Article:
|VIRACEPT FAILING NOW WHAT
Oct 16, 2000
I HAVE BEEN ON COMBINATION THERAPY SUCCESSFULLY SINCE THE LAST THREE YEARS ON [D4T+3TC+VIRACEPT].FOR THREE YEARS MY VIRAL LOAD HAD BEEN ON UNDETECTABLE LEVELS .WHEN I STARTED MY VL WAS 780000 COPIES WHICH WENT DOWN TO UNDETECTABLE LEVELS AFTER MED.
NOW AFTER THREE YEARS I HAVE STARTED FEELING FATIGUED AGAIN...AND MY VLOAD HAD ALSO RISEN TO 87000 COPIES...PLEASE ADVISE SHOULD I CHANGE COMBINATION ,TRY ANOTHER PI OR PLEASE TELL ME WHICH IS THE MOST EFFECTIVE COMB. NOW...I AM FROM INDIA AND EAGERLY AWAIT YOUR ADVISE..
| Response from Dr. Cohen
Well, greetings to you in India. Glad to see how this site is useful around the world.
The first question we ask here is WHY this didn't work for you. And try to see if we can fix that before the next combo. Since your viral load was controlled for three years it is worth looking back to see if something went wrong that we can fix. The most common is missing doses over time -- since we have noted that it is just hard to take pills even twice a day every day. The Viracept has to be taken with meals to be absorbed -- and low blood levels from either missing doses or lack of food could allow HIV to grow back. There are other possible reasons why this would no longer work -- including the possibility that over time any regimen can lose its potency -- since these triple combos may not be 100% successful in stopping the growth of HIV -- and after a few years what little HIV is growing eventually creates enough resistant virus to regrow. This is a particular worry for you with your pretty high pre-treatment viral load -- the higher it is the more potent the regimen must be in order to maintain success.
So what to do? Well, if you can get it -- one approach is to get a genotype and/or phenotype of your HIV. These tests, called resistance tests, allow us to see how your HIV has changed in response to this combo, and this gives us a clearer sense of what should work well this next time. If these tests are not available, then we rely on our prior studies which have looked at the HIV from combinations like yours, and can make some good guesses as to what should work. One of the possible benefits of Viracept is that as HIV starts to grow on it, HIV mutates in ways that don't lead to broad "cross resistance" meaning many of the other protease inhibitors have a good chance of still working for you -- although there is some chance of cross resistance -- and that is why a test can still help -- to see what happened for you.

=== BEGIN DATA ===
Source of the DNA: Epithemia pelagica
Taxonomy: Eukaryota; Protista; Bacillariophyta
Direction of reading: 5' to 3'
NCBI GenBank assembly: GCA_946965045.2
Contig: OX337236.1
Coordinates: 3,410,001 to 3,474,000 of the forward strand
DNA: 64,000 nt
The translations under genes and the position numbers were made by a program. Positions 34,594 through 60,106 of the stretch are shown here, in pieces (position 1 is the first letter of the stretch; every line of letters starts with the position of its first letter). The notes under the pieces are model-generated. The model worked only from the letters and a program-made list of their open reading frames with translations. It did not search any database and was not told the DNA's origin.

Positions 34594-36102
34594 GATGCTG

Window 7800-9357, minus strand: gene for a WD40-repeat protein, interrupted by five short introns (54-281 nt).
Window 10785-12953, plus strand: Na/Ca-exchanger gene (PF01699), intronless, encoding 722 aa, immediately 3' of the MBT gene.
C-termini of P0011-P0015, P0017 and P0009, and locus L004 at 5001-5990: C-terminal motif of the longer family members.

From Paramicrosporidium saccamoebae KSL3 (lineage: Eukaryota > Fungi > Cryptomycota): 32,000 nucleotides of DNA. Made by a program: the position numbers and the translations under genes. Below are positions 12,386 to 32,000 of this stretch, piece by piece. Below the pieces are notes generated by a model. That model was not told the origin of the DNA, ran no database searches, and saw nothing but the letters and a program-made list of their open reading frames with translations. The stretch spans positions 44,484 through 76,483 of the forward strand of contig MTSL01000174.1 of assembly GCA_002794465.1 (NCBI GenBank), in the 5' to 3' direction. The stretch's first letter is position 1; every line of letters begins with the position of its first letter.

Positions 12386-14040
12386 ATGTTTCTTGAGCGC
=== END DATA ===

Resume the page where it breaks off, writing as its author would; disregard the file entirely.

With or without a test -- if this was your first combo -- the next step would usually include some combination of the following meds: ddI, abacavir, a nonnucleoside (efavirenz or nevirapine would be the two more commonly chosen here) and one or two protease inhibitors. In the PI class you have options of not only which PI, but which dose strategy to pick, since there is a newer concept of "boosted" PIs using a low dose of ritonavir to boost the blood level of a second PI including either saquinavir, indinavir, amprenavir, and at least here in the US the newest called Kaletra (which already has the booster dose of ritonavir in the capsule). Given your potential for a high viral load, we likely would suggest a four drug combo here -- and using the nonnucleoside at this increases your chances for success. There are studies underway to compare different "boosted" PIs -- for example, one is comparing saquinavir to indinavir, each with 100 mg of ritonavir taken twice a day. Other studies planned might compare boosted amprenavir to kaletra.
But this next move is a key one -- since there are far fewer rescues if this next combo doesn't work out -- so please try to locate a clinician who is skilled in HIV treatment, and then monitor your viral load on it. If your viral load on this next combo gets to undetectable using a 50 copy test (or even lower than that) it should work for years. If you don't get to below 50 copies, you might need to further intensify the combo to make it work for you.
And as a side note -- you don't mention your cd4 count. If it is on the lower side -- then it is important to make this next switch now. On the other hand, if your cd4 count is higher, somewhere above 400 to 500 -- some clinicians are exploring a strategy where you would take a pause before just switching to your next combo. Another complexity in the mix...
ps -- see that caps lock button over there on the left...?
hope that helps.
Cal Cohen, M.D., M.S.
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